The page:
Paul Dano and Ethan Hawke both give excellent performances in the newest revival of Sam Shepard’s 1980 play, True West. The problem is they seem in different versions of the play. Ethan Hawke’s portrayal of Lee – the drifter, alcoholic, thief – is like a psychopath escaped from a mental institution. Dano’s Austin – the Ivy League educated writer house sitting for his mama and working on his latest script – is low key and restrained. It is difficult to believe that these two are brothers, let alone figure out why Austin does not call the cops, or isn’t even terrified of this menacing maniac who seems like he’ll become completely unhinged any second. When Austin lends Lee his car, I was beyond confused because now his car no doubt will be implemented in a crime and he has a family.
Then there was Mimi Lien’s set, which made everything so distant, and Jane Cox’s obnoxious lighting that kept trying to blind us.
In the playbill, we are told by Artistic Director Todd Haimes that “True West deconstructs every concept it touches”. Sheppard stated; “I wanted to write a play about double nature, one that wouldn’t be symbolic or metaphorical or any of that stuff. I just wanted to give a taste of what it feels like to be two-sided.” The problem is you need a side for it to be two sided. We have to believe in some kind of brotherly connection and in this play, other than the words, there is none.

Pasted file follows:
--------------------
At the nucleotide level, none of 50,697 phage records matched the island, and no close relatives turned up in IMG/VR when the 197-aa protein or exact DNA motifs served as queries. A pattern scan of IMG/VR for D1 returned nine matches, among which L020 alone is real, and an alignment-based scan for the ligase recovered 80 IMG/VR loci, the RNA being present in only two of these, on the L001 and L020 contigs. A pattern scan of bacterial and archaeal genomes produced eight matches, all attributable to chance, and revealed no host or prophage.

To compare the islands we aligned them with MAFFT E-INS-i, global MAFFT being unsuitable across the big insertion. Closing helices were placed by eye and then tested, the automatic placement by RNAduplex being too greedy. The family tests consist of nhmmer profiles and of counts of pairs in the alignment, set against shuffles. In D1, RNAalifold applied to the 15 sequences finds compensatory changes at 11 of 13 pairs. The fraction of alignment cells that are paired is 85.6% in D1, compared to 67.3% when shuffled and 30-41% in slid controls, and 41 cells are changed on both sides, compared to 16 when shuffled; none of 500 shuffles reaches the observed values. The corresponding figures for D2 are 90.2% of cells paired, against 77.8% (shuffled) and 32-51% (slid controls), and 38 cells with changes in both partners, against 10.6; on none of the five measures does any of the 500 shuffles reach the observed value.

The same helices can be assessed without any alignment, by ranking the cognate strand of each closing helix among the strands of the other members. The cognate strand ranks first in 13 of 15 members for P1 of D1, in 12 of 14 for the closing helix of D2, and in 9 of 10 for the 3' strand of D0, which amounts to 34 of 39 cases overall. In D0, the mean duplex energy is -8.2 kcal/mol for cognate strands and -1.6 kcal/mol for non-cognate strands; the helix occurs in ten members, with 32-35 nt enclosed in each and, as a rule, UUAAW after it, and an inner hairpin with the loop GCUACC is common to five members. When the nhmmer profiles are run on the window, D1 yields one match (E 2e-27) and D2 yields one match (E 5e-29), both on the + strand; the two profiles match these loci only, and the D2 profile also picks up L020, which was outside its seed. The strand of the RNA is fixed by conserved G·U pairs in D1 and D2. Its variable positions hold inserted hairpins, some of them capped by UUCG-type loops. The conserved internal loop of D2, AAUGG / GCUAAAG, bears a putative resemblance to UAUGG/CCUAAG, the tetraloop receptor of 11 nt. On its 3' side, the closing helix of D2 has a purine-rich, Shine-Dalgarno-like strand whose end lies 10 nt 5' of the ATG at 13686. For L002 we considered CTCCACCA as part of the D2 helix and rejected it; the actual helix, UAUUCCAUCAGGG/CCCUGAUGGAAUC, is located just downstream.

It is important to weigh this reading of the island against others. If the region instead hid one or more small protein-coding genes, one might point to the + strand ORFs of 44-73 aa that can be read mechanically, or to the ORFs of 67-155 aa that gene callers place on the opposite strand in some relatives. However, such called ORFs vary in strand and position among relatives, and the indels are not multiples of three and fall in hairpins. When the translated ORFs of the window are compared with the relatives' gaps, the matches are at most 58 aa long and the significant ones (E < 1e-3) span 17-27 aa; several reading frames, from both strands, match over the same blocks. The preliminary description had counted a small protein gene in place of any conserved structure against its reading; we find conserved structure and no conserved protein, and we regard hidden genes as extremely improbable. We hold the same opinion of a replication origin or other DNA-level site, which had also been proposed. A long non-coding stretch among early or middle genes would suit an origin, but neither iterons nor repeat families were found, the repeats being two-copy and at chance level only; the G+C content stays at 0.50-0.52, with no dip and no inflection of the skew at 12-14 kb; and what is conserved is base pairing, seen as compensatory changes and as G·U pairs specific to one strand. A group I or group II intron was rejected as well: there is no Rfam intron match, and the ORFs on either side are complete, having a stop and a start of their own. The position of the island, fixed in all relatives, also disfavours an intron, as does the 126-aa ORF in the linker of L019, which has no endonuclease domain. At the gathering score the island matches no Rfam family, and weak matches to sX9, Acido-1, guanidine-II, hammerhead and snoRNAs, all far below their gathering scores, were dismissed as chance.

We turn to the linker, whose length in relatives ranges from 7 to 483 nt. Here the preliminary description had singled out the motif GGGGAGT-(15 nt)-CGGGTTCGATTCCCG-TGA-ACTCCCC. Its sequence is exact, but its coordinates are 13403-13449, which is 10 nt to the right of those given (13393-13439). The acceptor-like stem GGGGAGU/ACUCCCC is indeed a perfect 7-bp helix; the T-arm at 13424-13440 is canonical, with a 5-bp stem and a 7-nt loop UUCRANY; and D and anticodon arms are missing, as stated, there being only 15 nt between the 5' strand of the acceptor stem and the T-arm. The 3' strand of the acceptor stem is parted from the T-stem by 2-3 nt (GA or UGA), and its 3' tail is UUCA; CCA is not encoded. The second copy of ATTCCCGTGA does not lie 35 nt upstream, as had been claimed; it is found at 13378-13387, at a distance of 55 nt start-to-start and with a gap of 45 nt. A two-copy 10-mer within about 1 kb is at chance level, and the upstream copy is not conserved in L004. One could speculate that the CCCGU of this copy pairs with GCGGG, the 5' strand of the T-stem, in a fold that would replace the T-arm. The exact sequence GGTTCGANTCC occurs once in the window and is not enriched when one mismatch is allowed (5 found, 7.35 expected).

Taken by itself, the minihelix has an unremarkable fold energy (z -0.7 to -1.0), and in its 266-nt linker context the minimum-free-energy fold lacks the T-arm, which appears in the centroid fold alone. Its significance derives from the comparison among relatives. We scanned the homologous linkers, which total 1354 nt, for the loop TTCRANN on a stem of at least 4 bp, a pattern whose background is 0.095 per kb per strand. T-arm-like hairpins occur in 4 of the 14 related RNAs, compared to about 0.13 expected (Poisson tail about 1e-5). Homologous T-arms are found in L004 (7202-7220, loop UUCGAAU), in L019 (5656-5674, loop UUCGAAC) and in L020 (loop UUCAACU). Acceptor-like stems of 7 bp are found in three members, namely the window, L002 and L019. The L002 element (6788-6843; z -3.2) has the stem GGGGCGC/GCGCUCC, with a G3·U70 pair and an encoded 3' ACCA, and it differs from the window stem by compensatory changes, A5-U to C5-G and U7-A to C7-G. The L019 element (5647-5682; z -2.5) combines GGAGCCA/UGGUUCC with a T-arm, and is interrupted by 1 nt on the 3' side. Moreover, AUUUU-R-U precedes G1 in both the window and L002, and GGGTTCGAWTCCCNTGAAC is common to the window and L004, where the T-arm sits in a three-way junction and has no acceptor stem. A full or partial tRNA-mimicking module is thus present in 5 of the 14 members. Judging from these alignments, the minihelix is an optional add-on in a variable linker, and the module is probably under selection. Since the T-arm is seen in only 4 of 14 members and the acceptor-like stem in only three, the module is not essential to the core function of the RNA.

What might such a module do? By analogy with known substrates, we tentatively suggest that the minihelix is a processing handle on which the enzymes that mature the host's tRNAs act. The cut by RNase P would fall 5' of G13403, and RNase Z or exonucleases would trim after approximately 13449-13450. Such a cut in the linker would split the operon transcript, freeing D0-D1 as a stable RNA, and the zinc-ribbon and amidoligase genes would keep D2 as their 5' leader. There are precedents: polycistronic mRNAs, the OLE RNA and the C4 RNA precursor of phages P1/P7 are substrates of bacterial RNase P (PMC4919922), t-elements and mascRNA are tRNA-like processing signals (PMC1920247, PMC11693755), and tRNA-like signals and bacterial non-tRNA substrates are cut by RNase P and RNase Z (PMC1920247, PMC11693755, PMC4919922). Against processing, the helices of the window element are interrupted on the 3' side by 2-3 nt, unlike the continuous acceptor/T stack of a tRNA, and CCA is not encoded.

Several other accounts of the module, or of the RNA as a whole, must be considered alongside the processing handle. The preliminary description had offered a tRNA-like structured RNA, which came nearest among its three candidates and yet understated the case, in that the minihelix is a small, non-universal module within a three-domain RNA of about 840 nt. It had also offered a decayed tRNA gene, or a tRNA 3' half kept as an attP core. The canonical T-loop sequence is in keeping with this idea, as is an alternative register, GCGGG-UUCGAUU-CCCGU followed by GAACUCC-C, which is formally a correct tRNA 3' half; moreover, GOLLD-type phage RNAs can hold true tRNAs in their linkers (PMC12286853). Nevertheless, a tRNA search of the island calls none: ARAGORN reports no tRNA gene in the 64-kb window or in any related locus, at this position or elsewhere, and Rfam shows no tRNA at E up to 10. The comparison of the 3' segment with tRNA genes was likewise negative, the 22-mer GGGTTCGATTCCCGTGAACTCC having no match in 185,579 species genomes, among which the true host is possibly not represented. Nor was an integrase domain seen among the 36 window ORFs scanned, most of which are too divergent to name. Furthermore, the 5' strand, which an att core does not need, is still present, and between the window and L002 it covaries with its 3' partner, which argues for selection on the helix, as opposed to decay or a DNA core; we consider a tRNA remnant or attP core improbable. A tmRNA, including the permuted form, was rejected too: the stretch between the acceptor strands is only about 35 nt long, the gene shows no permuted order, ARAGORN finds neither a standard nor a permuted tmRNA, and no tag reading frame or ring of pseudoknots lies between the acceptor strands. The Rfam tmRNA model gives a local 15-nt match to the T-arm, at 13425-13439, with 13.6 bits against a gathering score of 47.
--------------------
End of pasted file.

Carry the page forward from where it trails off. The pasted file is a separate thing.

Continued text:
We get from Sheppard’s script that Lee and Austin are two sides of a coin, but again, Hawke’s performance, albeit layered and interesting to watch, makes me marvel at how Austin’s Hollywood contact, Saul (Gary Wilmes), could one, ever like a script when even the author doesn’t know what it’s about, or two, would not be afraid of Lee. And now we have Wilmes performance, which again, doesn’t seem like he’s been directed by the same person.
I adore Marylouise Burke, who’s character must have had a hand in Lee’s derangement, but she seems clueless.
As the brothers switch identities and descend into hell, we understand the descent of Austin, but Lee’s actions, again, become confusing.
The scene where Austin steals all the toasters in the neighborhood is hilarious but not enough for this two and half hour long play.
One has to wonder at James Macdonald’s direction, but maybe it is more coherent as a Brit.
True West: Roundabout’s American Airlines Theater, 227 West 42ndSt. through March 17, 2019.